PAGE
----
To make any future that we dreamt up real requires creative scientists, engineers, and technologists to make it happen. If people are not within your midst who dream about tomorrow – with the capacity to bring tomorrow into the present – then the country might as well just recede back into the cave because that’s where we’re headed.

Today, too many scholars, teachers, and leaders keep us in the past and present with no glimpse of the future. They vividly recapture history with details and facts that help us to see and understand the past and present, but do not take us beyond the present. At some point we must move beyond history and the race box. We can start our movement out of the race box by avoiding the use of the word race except in its science, not social context. We can also education ourselves and one another to the reality of our common humanity. Yes, we have man-made differences based on culture and geography, but we have more similarities than differences.

If we would stop and think rationally about our race problem, we would quickly understand that since race is a social creation, then all its derivatives are also social creations. Yet, because of our illusions of race, we treat these creations as though they are real. Really, how can the complexion of a person’s skin make him or her superior or inferior to another human being? We have no valid answer to that question except, it cannot. If, for example, we look at our human family like the apple family, we certainly see diversity in color, shapes, sizes, taste, and uses. However, regardless of the diversity, all the apples are defined and seen as belonging to the same family.

Our society might not be able to ever impact those fossilized brains regarding the misconception of race, but we can eliminate creating future problems for our children and grandchildren and doing away with the hypocrisy and bigotry based on the concept and employment of race and color as social identities. We know that the very use of the word race separates human being, so why continue to use it? We as a society must as Dr. Tyson stated, “work to bring tomorrow into the present.” We must first, however, get a glimpse of ourselves outside of the race box, so we will know we are headed in the right direction.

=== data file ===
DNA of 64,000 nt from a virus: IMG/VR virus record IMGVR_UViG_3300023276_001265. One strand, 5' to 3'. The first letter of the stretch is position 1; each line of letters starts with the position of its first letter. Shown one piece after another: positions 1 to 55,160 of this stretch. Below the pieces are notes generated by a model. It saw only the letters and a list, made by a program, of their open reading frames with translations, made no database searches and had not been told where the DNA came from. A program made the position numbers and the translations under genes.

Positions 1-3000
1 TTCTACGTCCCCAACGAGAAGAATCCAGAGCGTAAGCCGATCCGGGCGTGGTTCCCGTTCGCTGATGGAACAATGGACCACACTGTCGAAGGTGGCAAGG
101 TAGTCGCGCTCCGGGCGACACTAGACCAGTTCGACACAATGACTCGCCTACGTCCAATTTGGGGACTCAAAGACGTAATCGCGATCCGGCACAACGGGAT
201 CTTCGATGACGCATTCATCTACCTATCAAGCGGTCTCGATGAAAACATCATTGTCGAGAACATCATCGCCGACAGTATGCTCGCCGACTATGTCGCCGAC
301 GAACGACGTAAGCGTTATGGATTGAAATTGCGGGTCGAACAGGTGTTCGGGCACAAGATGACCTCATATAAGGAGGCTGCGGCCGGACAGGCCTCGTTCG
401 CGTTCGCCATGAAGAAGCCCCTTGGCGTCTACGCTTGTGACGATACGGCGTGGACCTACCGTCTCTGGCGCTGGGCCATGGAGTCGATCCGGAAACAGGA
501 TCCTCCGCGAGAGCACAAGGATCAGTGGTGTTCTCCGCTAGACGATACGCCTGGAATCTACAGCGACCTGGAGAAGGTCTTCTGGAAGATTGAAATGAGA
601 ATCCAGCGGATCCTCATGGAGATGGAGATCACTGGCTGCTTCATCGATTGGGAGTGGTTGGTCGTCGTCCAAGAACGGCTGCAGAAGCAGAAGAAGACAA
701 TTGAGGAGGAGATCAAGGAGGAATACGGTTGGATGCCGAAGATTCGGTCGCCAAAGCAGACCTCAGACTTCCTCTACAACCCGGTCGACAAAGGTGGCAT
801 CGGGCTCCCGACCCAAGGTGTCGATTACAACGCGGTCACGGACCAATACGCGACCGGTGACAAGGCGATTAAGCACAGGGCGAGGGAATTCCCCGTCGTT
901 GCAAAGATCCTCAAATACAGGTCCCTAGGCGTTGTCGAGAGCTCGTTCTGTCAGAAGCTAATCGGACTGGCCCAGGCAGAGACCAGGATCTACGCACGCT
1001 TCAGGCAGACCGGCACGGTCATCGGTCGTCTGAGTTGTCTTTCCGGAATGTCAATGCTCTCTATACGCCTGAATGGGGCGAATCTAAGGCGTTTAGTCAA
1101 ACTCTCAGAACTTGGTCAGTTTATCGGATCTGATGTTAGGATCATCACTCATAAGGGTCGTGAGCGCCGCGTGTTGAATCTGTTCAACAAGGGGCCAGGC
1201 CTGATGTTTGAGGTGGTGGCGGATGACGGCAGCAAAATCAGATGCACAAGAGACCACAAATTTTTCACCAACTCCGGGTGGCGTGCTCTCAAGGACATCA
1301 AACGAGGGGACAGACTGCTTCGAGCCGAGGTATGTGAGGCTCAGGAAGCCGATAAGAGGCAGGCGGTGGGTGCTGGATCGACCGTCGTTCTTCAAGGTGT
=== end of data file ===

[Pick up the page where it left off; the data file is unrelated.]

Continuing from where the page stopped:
Paul R. Lehman, Article on “The Race of Jesus” failed to address the truth of race.

December 31, 2013 at 12:38 am | Posted in African American, American Racism, Bible, Christianity, democracy, discrimination, Disrespect, DNA, equality, Ethnicity in America, European American, fairness, Human Genome, Jesus, Media and Race, mixed-marriage, Prejudice, Race in America, skin color, skin complexion | 3 Comments
Tags: , , , , , , , , , , , , , , , , , ,

Jesse Washington in an Associated Press article, “The Race of Jesus: Unknown, yet powerful,”(12/29/13) presented a discussion relative to the race of Jesus , and employed the comments of a number of individuals connected to the Christian religion to give their ideas, beliefs, and opinions. Although the article was interesting it failed to address the real question at the heart of the problem—race.
The comments of many of the individuals reflect a variety of concerns relative to Jesus’ race. For example, the article noted a statement from Edward Blum, a co-author of a recent book “The Color of Christ” who said ”I find it fascinating that that’s what people really want to know—what race was Jesus. That says a lot about us, about Americans today.” He continued with “Jesus said lots of things about himself—I am divine, I am the son of man, I am the light of the world,… what race is light? How do you racially categorize that?”The statement simply adds to the question rather than address it confusion.
Another clergyman, Doug Jacobsen, a professor at Messiah College with work emphasis in church history and theology stated that “Today, in our categories, we would probably think of him [Jesus] as a person of color.”The reference to Jesus’ color has to do with his birth place being in the Middle East. Jacobsen’s comment was in part a response to the Fox News host Megyn Kelly’s statement about Jesus being white that initiated a national discussion on the subject.
Other scholars and clergy commented regarding the race of Jesus and whether it was important or not. In most cases we were told that it really should not matter. However, we were told that “In America, white Jesus images started to become widespread in the early 1800s, according to Blum, coinciding with a dramatic rise in the number of slaves, a push to move Native Americans further west, and a growing manufacturing capability.” Washington noted that “Today, a white Jesus image is ingrained in American culture.” Another statement by Blum underscored Washington’s statement: “ When we live in a world with a billion images of white Jesus, we can say he wasn’t white all we want, but the individual facts of our world say something different.” Something else added to the discussion was that the image of Jesus usually matched the ethnicity of the people worshiping him all over the world.
The article concluded with the words of Carol Swain, a race scholar from Vanderbilt University, who believes that the entire race of Jesus question is irrelevant: “Whether he’s white, black, Hispanic, whatever you want to call him, what’s important is that people find meaning in his life….As Christians, we believe that he died on the cross for the redemption of our sins.” She added, “To me, that’s the only part of the story that matters—not what skin color he was.”